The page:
<iostream.h> vs using std:://......

This is a discussion on <iostream.h> vs using std:://...... within the C++ Programming forums, part of the General Programming Boards category; i just got a new how to book and they use <iostream> and then Code: using std:://.... now this is ...

  1. #1
    Registered User blight2c's Avatar
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    <iostream.h> vs using std:://......

    i just got a new how to book and they use <iostream> and then
    Code:
    using std:://....
    now this is called namespaces right? how's it better/worse than iostream.h and so on. thanks

  2. #2
    geek SilentStrike's Avatar
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    The official way of doing things is not to include a .h at the end of any standard headers.
    Prove you can code in C++ or C# at TopCoder, referrer rrenaud
    Read my livejournal

  3. #3
    Something Clever ginoitalo's Avatar
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    Like SilentStrike said,

    using namespace std;
    is coded as the default namespace

    so you don't need to code stuff like std::cout
    everytime you need the std namespace.

  4. #4
    Registered User blight2c's Avatar
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    ok. . . so what's the correct way to fix this

    Code:
    #include <iostream>
    #include namespace
    main()
    {
    	cout<<"hello";//notes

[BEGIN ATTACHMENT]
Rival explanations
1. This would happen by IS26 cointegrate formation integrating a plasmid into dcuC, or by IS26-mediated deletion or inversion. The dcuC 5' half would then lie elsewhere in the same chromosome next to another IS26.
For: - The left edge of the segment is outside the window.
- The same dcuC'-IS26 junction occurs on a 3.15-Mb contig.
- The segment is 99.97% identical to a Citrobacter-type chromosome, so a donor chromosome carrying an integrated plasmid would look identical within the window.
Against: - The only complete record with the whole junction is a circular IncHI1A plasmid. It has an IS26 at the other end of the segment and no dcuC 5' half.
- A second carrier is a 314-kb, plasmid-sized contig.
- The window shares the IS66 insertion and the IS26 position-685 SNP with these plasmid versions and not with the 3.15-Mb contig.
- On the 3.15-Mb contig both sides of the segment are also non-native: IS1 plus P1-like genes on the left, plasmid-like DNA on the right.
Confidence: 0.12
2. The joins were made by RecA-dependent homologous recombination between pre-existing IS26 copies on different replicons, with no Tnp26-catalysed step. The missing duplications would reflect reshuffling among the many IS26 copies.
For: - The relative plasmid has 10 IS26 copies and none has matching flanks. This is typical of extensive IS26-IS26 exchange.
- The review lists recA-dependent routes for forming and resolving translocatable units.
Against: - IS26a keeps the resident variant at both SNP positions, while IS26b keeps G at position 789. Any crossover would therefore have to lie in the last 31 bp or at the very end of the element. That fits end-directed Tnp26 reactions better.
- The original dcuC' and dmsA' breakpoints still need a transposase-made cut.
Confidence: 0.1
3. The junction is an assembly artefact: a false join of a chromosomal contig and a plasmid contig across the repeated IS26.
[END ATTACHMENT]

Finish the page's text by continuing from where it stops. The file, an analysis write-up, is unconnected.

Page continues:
return(0);
    }

  5. #5
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    #include <iostream>
    using namespace std;

    int main()
    {
    cout << "hello";
    return 0;
    }

  6. #6
    Registered User xds4lx's Avatar
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    There isnt just one correct way. You can use the using directive to include all information from the header into the namespace (this is called global napespace pollution which is what happens when you include iostream.h) or you can just use the scope qualifier ( :: ) and qualifiy each function, class, or so on that you need like:
    Code:
    #include<iostream>
    using std::cout;
    using std::endl;
    
    int main()
    {   cout << "Hello" << endl;
        return(0);
    }
    "only two things are infinite, the universe and human stupidity, and im not sure about the former." - albert einstein

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